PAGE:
One of 13 original copies of U.S. Constitution sells for record price

by Summer Lane

One of 13 remaining original copies of the United States Constitution was sold to a private investor on Thursday, netting an almost $43.2 million price tag and catapulting past original and more conservative estimates of a potential bidding total.

According to a report from The Hill, Sotheby’s Books and Manuscripts Department originally estimated that this copy of the Constitution would sell for anywhere between $15 million and $20 million.

Although the identity of the private investor remains anonymous, another bidding group came in a close second in the bidding war, a crypto organization called Constitution DAO. The group claims on its official Twitter page that they pooled over $40 million from 17,437 contributors to purchase the rare copy of the Constitution.

“We showed the world what crypto and web3, onboarding thousands of people in the process, including museum curators and art directors who are now excited to keep learning,” they said in a tweet. They continued, “We were the first DAO [decentralized autonomous organization] @Sothebys has every worked with, but we’re sure we won’t be the last one.”

Additionally, Sotheby’s official Twitter account announced the sale of the Constitution on Thursday night, specifying that the proceeds would go to benefit the Dorothy Tapper Goldman Foundation’s educational program for students. Sotheby’s also directly acknowledged the Constitution DAO’s involvement in bidding on the historic document, stating that the crowdfunded project was the “largest crowdfunding initiative ever put together.”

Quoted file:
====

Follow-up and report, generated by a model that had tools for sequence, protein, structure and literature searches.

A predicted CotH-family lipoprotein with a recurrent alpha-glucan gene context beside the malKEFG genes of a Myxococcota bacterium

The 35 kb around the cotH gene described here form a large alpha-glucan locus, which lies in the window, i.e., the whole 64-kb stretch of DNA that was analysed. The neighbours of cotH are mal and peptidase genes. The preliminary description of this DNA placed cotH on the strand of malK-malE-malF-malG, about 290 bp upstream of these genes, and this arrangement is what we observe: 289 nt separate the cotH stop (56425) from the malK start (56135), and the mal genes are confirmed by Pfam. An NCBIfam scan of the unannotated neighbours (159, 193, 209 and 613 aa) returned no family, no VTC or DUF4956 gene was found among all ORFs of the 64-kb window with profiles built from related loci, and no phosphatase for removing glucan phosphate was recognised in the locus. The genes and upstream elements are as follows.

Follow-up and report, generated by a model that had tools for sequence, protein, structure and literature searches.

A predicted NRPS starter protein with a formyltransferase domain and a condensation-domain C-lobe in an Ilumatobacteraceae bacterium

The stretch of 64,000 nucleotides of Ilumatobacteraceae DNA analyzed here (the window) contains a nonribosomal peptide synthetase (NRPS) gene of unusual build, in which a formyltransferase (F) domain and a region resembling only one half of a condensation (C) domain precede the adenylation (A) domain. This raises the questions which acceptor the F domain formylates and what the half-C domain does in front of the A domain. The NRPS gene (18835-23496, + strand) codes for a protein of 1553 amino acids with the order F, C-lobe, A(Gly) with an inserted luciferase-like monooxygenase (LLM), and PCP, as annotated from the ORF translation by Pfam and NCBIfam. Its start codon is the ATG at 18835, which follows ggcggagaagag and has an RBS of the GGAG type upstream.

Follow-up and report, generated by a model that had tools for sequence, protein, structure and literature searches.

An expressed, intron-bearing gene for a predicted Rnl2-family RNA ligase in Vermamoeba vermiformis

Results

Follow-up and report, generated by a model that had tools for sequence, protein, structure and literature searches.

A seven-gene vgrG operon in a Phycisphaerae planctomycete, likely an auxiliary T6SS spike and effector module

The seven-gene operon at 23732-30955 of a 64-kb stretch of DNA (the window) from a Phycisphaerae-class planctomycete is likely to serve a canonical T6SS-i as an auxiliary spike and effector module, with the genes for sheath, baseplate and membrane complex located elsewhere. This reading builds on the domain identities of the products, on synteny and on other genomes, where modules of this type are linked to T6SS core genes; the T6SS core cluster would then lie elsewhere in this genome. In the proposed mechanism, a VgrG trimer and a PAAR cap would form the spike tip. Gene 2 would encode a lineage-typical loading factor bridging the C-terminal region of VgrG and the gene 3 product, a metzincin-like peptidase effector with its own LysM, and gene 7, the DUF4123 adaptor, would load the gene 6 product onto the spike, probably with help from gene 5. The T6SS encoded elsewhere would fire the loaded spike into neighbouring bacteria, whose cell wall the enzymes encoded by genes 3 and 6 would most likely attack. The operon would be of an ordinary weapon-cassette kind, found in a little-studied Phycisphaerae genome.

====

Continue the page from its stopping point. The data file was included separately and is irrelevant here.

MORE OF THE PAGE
In contrast to the whopping, multi-million-dollar price on the Constitution today, in 1988, the same document sold for $165,000 dollars, according to The Hill.

The original United States Constitution was signed in September of 1787, culminating in a heated political battle between Federalists, who preferred a more heavy-handed form of centralized government, and Anti-Federalists, who believed in smaller government and insisted on adopting a Bill of Rights. The debate between the two political camps eventually resulted in the Bill of Rights that Americans are familiar with today, which protects the right to free speech, the right to bear arms, and the right to religious freedom, among many other liberties.

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